“Cupping” for athletic performance 

Every Olympics I see a wave of excitement and interest in new techniques in physical therapy and sports rehab. In  prior summer Olympics we saw Kinesiotape adorned over the shoulders and knees of pro volleyball players and cyclists. Immediately every patient in my practice began asking me: Is this the same tape you’re using on me too?

 Little did they know kinesiotape had been around years before the Olympics made it popular. Kinesiotape still remains one of my preferred approaches to treat many postural and joint dysfunctions.

Now with the last Rio Olympics we saw the renewed interest in “cupping” or Myofascial Decompression as we call it in Physical Therapy.  MFD is also a wonderful and hugely successful tool I employ in PT for a variety of impairments. Cupping in its original incarnation has been around hundreds of years before Michael Phelps had his shoulders treated in these past Olympics.

So what is cupping ? What is the purpose of these huge bruises on the body? “Cupping” as most people know it, or MFD, essentially uses the suction of a cup, sometimes glass or plastic, to help restore mobility to tissue. It is not the same techniques or reasoning as with traditional cupping seen in Acupuncture. While MFD has its background in traditional cupping, the underlying premise is different. Both have merits in my opinion, but both have different end point therapeutic goals and are used quite differently.

Cupping has been dated back to Chinese Taoist alchemists as far as 281 A.D. Other cultures such as Egyptians, Native American, Mexican American curanderos have employed similar cupping devices in their practice.  Cupping is believed by many to help to cleanse and pull out impurities. Alternatively used to rid the body of toxins, release tension, help with sleep , GI disturbances, the list goes on. The methodology is vast and varied and depends on where and how it is practiced.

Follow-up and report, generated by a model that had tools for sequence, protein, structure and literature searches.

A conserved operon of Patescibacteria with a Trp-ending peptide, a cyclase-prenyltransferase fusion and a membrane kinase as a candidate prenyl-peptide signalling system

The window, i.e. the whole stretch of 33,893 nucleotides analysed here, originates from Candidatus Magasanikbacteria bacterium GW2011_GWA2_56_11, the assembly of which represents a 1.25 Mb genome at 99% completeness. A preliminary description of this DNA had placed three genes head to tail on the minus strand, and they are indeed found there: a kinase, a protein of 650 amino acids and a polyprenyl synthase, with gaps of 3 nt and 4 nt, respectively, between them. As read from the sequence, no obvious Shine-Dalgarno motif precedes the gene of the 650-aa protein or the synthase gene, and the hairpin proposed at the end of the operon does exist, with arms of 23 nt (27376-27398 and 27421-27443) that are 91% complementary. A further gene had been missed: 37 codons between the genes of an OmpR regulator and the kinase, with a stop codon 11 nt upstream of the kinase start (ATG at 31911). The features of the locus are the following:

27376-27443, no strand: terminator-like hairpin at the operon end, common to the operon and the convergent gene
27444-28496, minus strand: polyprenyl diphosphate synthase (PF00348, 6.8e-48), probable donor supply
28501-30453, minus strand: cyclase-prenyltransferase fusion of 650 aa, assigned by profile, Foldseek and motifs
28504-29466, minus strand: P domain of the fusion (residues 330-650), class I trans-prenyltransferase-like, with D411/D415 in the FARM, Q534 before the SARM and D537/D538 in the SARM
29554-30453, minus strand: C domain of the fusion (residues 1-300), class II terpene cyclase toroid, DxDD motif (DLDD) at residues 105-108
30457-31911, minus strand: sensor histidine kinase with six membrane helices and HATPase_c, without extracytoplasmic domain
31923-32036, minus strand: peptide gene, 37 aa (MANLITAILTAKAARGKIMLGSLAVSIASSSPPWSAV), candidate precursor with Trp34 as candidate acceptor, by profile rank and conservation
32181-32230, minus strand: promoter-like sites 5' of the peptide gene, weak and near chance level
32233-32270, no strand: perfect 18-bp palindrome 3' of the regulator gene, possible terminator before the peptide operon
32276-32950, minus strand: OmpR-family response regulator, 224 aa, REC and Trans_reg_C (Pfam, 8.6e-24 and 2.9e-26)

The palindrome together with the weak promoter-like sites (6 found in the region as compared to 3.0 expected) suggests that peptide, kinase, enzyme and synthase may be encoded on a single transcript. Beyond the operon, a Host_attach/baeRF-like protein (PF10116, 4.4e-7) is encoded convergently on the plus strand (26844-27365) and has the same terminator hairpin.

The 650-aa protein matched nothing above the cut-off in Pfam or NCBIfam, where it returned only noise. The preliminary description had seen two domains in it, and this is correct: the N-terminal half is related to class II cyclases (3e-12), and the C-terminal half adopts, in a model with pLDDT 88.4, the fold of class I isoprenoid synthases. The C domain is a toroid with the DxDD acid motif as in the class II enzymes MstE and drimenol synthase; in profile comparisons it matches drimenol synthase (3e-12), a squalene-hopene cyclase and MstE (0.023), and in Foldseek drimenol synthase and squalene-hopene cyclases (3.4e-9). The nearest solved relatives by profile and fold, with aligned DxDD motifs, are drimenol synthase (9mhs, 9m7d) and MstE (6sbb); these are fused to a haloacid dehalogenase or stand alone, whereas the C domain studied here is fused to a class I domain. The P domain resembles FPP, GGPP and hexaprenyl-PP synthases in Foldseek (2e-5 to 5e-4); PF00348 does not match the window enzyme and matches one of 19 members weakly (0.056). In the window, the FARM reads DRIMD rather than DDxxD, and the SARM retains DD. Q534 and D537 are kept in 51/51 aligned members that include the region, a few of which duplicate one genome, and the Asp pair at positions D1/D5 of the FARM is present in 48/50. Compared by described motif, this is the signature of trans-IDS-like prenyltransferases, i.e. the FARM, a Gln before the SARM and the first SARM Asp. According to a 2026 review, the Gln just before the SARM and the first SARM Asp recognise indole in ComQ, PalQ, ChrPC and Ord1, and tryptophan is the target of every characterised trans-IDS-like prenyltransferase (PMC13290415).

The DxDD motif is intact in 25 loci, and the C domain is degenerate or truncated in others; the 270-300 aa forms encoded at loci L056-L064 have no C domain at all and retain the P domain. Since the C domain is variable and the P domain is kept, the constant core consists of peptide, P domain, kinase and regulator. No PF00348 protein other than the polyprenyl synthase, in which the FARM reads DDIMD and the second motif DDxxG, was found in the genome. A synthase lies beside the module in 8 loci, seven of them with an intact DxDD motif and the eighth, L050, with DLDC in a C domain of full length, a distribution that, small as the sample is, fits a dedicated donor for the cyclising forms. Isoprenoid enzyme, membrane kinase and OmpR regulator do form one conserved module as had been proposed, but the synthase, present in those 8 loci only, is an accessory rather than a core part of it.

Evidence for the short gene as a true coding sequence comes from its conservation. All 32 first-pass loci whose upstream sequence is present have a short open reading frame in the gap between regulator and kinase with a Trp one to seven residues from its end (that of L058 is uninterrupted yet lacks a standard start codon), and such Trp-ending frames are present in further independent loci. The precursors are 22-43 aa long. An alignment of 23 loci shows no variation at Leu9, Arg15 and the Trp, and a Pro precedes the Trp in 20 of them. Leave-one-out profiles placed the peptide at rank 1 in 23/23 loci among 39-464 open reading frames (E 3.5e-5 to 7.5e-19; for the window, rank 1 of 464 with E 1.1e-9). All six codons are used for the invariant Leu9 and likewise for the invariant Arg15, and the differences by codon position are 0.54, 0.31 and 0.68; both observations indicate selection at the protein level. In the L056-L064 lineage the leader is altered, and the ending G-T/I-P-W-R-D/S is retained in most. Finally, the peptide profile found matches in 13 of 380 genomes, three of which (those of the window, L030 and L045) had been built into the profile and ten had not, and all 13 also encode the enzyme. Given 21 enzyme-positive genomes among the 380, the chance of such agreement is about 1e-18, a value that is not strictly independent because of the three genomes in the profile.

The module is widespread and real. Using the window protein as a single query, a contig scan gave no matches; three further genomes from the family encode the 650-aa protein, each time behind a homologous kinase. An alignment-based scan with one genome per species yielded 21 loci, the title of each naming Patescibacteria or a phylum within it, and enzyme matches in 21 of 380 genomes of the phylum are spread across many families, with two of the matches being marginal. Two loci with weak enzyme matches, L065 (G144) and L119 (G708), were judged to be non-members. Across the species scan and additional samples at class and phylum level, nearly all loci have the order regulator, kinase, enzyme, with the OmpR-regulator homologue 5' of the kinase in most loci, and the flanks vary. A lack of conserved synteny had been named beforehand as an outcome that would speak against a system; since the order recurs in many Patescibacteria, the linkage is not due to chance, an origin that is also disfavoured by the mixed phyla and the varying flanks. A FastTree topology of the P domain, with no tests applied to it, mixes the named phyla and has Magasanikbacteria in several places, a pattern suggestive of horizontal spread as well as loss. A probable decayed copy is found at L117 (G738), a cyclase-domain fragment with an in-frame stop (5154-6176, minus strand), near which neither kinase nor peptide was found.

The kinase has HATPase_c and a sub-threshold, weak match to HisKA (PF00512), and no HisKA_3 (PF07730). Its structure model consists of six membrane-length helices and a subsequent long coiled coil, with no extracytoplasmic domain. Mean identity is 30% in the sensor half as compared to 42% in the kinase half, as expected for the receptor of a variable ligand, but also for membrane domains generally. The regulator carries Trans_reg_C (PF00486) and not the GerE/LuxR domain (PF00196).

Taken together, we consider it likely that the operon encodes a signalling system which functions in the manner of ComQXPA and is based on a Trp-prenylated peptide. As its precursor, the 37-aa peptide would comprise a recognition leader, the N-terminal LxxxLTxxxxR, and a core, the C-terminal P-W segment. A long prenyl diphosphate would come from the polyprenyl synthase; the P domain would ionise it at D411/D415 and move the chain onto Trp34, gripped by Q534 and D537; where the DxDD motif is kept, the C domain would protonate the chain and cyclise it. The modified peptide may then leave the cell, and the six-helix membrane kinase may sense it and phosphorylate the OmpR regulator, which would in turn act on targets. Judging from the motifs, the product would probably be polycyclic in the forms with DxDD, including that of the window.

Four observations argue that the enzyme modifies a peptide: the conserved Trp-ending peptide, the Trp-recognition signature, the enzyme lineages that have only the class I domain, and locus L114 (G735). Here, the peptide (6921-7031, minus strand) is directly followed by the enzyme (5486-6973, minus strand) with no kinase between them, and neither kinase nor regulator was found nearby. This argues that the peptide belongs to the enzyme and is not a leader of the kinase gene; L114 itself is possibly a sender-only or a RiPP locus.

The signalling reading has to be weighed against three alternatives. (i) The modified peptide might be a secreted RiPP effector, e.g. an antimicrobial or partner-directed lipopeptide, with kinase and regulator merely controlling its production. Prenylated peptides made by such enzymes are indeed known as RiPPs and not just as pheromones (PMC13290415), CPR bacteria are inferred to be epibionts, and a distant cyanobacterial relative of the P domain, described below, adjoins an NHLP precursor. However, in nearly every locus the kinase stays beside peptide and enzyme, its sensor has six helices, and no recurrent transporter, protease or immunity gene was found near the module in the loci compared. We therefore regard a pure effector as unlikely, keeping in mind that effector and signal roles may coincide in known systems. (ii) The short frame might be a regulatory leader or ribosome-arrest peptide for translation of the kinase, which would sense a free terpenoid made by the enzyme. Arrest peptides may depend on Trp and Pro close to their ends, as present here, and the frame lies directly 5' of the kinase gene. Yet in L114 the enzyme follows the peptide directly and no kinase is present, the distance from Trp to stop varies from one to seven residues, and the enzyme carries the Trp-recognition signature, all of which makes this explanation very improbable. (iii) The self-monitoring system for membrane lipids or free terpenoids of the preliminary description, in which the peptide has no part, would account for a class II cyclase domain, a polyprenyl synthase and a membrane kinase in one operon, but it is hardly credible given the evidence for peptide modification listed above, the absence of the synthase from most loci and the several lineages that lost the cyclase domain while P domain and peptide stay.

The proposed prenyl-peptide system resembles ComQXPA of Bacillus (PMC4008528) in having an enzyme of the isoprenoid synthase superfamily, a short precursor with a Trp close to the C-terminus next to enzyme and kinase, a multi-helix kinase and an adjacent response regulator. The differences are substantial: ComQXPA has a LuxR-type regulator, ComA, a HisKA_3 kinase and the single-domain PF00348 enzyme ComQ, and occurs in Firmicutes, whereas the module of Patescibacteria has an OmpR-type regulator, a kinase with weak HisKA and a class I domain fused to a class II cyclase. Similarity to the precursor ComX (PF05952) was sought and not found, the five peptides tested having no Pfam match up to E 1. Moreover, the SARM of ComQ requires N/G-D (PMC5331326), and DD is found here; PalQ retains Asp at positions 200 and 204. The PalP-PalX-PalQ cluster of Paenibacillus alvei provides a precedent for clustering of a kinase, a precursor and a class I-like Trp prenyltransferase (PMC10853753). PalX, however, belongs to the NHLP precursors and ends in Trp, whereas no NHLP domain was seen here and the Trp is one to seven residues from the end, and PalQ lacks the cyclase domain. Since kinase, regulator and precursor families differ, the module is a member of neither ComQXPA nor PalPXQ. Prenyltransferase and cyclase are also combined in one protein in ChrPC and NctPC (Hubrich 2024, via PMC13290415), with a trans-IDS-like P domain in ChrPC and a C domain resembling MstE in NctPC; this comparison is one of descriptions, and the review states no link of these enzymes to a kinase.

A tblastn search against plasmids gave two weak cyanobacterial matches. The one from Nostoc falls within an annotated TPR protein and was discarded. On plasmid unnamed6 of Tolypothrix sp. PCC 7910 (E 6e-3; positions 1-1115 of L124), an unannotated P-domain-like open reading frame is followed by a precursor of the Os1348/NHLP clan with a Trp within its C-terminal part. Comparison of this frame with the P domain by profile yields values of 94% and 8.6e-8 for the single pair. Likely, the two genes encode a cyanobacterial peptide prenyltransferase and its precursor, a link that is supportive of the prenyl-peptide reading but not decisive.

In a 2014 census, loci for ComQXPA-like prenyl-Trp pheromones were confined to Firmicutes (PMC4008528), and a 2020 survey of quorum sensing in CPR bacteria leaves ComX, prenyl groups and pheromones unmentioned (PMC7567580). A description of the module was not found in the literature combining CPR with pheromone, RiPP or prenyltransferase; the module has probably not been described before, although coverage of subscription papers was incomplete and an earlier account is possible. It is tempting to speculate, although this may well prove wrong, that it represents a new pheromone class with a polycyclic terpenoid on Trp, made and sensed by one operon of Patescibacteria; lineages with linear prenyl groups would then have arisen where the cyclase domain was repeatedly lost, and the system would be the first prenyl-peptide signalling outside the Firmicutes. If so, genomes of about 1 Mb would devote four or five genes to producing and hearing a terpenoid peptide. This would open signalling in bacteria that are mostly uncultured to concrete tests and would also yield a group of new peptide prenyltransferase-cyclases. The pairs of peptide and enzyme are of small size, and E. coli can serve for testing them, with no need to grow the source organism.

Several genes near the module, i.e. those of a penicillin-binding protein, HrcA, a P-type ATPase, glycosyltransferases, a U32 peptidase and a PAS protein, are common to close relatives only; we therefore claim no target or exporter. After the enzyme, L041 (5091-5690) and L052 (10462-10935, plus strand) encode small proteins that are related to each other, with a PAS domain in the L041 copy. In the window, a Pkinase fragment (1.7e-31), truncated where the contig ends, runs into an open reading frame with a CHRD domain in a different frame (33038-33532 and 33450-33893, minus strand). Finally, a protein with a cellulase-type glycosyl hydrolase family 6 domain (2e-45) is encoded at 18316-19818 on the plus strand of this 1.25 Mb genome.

In modern day Myofascial decompression, or MFD, we are using it primarily to restore normal mobility in the fascia, connective tissue, and help muscles move better. MFD works in the decompression of adhesions, allowing more flow for nutrients to surrounding tissue. MFD can help with scar tissue mobility, help to nourish the underlying fascia, help to unload tension on tissue and abate trigger points and “knots” in the muscle belly of spasm’d muscles.

Is MFD the cure all? Definitely not. I employ it often in my practice, but it is definitely a more aggressive technique and patients with more fragile skin and other integumentary issues are not good candidates. MFD is also quite strong, borderline painful in certain areas. Not appropriate for all clients or patients. When I do use it, overworked neck and shoulder muscles, tonic and tight mid back or low back muscles, tight IT bands, I have found it incredibly helpful to help get tissue moving. 

MFD works because our bodies are not as linear, push -pull agonist antagonist as people assume. The fascia and connective tissue runs all along our bodies, crossing multiple muscle groups and joints in multi directions. In the real world, muscles and fascia functionally pull us in multiple directions, we are dynamic and hydrated tissue creating a functional kinetic chain.

 

 

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